Sunday, July 2, 2017
Bound for Glory
Texas during the Great Depression. Woody Guthrie does not know what to do with his life: he cannot find a job as a sign painter and thus feels ashamed that he cannot support his wife Mary and kids. Hearing rumors that there is no unemployment in California, he one day randomly starts his journey westwards by secretly sneaking with other stowaways in train wagons. Finally in California, he witnesses how immigrants live in slums, only rarely getting poorly paid jobs in plantations. He also starts an affair with a rich woman, Pauline. Woody meets activist and singer Ozark, who tries to organize a strike and form a syndicate in order for the workers to get a decent pay. Ozark helps him find a job in a radio show, where Woody proves to be a gifted musician. Woody brings his wife and kids to California, but they argue and she leaves him due to his activism. When the radio forbids him to sing music about poverty and inequality, Woody resigns and leaves the state.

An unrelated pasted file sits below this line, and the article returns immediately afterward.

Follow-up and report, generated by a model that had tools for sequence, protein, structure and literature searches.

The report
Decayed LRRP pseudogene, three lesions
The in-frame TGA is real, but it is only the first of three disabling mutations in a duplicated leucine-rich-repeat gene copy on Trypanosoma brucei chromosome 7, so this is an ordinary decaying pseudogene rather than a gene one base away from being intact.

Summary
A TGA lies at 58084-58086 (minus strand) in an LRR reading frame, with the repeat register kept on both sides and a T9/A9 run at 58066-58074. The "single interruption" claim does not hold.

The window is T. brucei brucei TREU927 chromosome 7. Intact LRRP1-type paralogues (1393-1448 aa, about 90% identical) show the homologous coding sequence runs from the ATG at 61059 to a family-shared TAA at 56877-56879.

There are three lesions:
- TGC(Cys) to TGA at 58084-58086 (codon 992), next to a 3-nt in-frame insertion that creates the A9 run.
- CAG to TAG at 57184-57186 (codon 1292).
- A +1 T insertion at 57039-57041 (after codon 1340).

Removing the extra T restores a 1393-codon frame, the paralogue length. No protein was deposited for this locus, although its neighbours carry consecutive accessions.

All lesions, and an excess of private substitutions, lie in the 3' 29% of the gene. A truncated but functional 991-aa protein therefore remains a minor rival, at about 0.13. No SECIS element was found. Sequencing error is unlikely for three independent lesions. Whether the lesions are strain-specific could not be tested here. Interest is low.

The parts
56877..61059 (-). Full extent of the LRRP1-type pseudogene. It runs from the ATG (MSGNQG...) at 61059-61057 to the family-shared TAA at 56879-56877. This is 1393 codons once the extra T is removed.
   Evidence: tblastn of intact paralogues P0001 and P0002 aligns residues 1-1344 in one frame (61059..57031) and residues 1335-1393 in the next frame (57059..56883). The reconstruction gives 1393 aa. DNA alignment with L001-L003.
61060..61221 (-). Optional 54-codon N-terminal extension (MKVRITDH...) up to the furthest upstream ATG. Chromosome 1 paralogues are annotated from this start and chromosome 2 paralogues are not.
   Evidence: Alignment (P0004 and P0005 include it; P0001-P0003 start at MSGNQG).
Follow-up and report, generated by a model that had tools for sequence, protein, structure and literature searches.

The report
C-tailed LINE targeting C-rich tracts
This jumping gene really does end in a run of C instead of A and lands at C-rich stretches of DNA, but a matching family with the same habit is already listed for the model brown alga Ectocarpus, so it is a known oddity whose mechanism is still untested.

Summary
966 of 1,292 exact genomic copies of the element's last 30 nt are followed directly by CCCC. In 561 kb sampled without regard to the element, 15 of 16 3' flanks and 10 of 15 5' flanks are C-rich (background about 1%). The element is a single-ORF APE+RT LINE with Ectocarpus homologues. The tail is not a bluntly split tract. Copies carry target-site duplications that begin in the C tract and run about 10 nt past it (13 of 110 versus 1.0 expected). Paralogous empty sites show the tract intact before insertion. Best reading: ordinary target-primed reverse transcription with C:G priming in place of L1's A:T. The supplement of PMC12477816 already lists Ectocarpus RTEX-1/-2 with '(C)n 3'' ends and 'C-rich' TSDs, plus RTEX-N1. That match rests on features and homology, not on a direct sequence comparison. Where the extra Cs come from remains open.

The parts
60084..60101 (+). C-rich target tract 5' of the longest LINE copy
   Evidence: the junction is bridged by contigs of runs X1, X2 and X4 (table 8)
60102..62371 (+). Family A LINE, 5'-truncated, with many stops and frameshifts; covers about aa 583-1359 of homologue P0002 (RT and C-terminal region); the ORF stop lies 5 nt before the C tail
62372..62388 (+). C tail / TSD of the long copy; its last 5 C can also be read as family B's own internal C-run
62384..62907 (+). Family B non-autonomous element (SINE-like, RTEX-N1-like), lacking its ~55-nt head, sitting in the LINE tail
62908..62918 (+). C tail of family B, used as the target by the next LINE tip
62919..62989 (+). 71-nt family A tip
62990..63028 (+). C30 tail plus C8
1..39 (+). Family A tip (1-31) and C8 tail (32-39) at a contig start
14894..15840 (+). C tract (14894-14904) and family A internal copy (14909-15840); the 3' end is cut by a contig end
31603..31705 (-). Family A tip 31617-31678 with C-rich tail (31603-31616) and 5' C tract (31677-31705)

If there is a spiritual forerunner to Hal Ashby's biopic about Woody Gutherie, then it is Ford's great classic "The Grapes of Wrath", since both depict the grim events of the Great Depression in America and characters migrating westwards to California in order to find a job, thereby implicitly pleading for a better, fair system, for social equality. More so in "Bound for Glory", even: the hero is basically a socialist musician, but a one that became a socialist not by his own will, but simply by living in such hardship and poverty. Ashby once again manages to craft a quality, quiet film with an emotional understanding and sympathy for his characters (Woody cheated on his wife when he had a chance, yet it is difficult to completely shun him when a random girl says she "doesn't mind doing it" after hearing him play the guitar, upon which he says: "This town ain't dead yet!"), unobtrusively building the story, whereas it is interesting to spot the early use of steadicam in a couple of scenes, albeit scarce one (one is the camera following Woody through the slum, as dozens of people walks pass him as he approaches Randy Quaid's character), as well as a few impressive shots (the wide shot of a giant dust cloud approaching the Texas town, for instance, as Woody runs through the cloud to his home). Unfortunately, for a running time of over two and a half hours, "Bound for Glory" simply exhausts itself in far too much empty walk or repetitive scenes, especially if the viewers are not such fans of folk music (which is played by the protagonist abundantly). This is exacerbated by several episodic scenes which all add to the film's episodic tone (in Texas, one man randomly approaches Woody on the porch and says: "I don't know if you know it, but you are watching at an insane man!"). A decent 'social issue' film, yet a one that feels sadly standard, lifeless and conventional at times.